We're running out of time so I'd love to move onto our last question. I know some of our excellent speakers have already addressed this but I'd love to hear everyone's views - should all pharmacists be IPs?

Malcolm  - we certainly would love to see a return to the name Chemist and Druggist!

@Costanza Potter No advertising allowed :-)

@Costanza Potter I would say upskilling in every role is a positive thing but i don't think that all pharmacists should be IPs, there are other roles in the sector that does not require a practitioner to be a prescriber. 

Haha, chemist and druggist works so well! 

With regards to the las questions @costanza potter, I think YES! By all becoming IPs, we allow ourselves to create a fully flexible workforce that is responsive to the changing needs of our local patients and healthcare system. This also allows us to play a greater role in reducing healthcare inequalities as we will be able to provide consistent services across the country.

@NANA K OFORI-ATTA Fair point re pressures - Prescribing streamlines a number of the 'pressures' in Community - out of stocks, Rx orders not fulfilled/in error, emergency supplies for example all easier when you can prescribe alternatives, or expedite Rx - depends (for safety) on access to record)

All pharmacists should be IPs, as long as appropriately trained via a suitable MPharm or postgraduate training. Both of these require experience in practice - often far more than is currently included in these programmes.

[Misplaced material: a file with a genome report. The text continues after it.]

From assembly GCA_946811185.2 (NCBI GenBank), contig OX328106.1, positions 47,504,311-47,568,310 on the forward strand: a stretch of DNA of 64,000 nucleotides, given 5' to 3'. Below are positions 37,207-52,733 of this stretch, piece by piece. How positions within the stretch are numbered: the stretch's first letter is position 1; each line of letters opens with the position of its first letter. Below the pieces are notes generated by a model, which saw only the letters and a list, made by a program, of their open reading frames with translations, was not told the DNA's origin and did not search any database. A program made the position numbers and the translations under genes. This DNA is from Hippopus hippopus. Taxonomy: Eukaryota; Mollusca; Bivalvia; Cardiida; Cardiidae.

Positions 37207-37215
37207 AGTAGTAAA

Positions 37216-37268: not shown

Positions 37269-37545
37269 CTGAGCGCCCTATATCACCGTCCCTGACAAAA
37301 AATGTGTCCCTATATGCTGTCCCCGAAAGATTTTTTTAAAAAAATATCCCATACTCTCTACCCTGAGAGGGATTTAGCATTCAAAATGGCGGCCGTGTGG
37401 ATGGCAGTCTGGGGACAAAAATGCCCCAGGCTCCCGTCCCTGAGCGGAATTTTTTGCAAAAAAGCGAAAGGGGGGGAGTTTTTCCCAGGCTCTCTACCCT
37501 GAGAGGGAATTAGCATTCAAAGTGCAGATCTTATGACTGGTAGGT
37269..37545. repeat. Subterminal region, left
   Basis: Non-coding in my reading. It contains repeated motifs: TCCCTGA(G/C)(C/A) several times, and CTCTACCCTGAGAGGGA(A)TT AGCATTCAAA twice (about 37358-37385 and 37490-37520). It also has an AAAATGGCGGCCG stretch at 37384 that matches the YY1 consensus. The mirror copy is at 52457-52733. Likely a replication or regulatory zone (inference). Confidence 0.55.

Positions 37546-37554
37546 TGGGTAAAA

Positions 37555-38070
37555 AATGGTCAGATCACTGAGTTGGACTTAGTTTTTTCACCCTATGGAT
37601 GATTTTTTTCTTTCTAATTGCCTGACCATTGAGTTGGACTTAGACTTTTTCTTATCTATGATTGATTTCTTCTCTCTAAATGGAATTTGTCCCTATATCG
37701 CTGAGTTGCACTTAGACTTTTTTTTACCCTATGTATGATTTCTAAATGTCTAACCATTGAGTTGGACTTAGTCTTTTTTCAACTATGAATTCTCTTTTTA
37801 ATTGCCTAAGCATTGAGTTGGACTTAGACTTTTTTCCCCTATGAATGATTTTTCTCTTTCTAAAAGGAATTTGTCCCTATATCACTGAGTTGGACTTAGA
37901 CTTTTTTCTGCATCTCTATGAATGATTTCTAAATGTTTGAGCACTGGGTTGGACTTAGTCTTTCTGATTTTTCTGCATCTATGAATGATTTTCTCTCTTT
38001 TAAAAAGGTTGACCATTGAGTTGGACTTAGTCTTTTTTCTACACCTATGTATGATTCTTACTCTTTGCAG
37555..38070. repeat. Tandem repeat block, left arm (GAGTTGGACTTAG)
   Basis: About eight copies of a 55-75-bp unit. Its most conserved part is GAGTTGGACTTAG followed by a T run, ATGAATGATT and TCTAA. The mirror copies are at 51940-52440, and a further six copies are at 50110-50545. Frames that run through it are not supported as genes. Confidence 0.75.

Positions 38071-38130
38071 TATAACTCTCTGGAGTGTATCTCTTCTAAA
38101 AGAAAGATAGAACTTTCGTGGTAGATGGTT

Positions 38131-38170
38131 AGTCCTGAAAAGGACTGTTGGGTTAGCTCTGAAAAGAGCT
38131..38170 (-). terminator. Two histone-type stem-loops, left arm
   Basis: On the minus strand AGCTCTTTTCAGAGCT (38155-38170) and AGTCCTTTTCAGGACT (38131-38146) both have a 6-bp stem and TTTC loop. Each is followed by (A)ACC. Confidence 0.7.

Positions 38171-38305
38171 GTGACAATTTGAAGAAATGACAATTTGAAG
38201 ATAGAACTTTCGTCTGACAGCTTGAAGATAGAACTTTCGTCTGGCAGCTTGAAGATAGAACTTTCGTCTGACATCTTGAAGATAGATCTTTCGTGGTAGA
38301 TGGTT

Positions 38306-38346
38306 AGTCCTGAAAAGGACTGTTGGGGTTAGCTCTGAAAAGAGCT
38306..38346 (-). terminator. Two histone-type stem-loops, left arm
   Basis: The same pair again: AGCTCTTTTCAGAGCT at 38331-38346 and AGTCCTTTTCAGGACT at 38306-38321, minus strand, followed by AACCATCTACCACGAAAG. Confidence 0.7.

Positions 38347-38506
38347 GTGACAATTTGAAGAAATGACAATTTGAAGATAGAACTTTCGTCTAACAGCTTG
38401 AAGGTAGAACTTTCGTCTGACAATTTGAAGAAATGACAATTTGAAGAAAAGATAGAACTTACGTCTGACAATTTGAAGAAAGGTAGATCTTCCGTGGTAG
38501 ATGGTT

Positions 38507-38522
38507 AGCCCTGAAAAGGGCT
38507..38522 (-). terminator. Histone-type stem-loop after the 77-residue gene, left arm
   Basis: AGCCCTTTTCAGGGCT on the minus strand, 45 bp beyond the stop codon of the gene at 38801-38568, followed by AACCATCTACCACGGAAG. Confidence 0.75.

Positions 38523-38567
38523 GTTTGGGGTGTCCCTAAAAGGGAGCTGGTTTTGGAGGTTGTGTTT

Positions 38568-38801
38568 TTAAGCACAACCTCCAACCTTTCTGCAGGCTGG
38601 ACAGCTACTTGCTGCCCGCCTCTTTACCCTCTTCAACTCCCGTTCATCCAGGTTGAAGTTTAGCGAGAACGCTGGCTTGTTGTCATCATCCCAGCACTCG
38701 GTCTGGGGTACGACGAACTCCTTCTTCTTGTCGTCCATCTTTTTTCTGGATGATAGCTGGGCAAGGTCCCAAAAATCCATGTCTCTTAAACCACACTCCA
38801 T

We also need to eventually move away from the terms 'independent prescriber' and 'non-medical prescriber' and simply use 'prescriber' - which in itself will eventually become redundant as all pharmacists will be a prescriber. 

@Daniel Greenwood  You mention that clinical reasoning is "poorly researched and understood" - do you mean within the sector? How can this be amended if going forward all pharmacists should be IPs?

Also, the GPhC register should have categories for 'practising' and 'non-practising', so that those who move into non-clinical roles are clearly identifiable. Those without ongoing experience shouldn't be prescribing. 

That leads onto re-validation, which needs an overhaul...

@Costanza Potter  All pharmacists should be IP.

At qualification, and if desired, as a 'legacy' pharmacist. 

If some choose not to that's absolutely fine, but their scope will be increasingly narrowed as these competencies become the norm.

Clinical reasoning by pharmacists has been seldom researched; most of the literature relates to medics and nurses. We need to understand how pharmacists make clinical decisions in the context of their previous training (greater scientific focus than other healthcare professionals, in general), and their role. 

Thank you so much for all these points: very stimulating. We are living in turbulent and exciting times.

We've got just five minutes left of the 'live' part of today's debate. However, you're welcome to continue posting your views and interacting with one another for as long as you like

Interesting point about categories on the GPhC register Daniel - I hadn't considered that before...

'You mention that clinical reasoning is "poorly researched and understood" - do you mean within the sector? How can this be amended if going forward all pharmacists should be IPs?'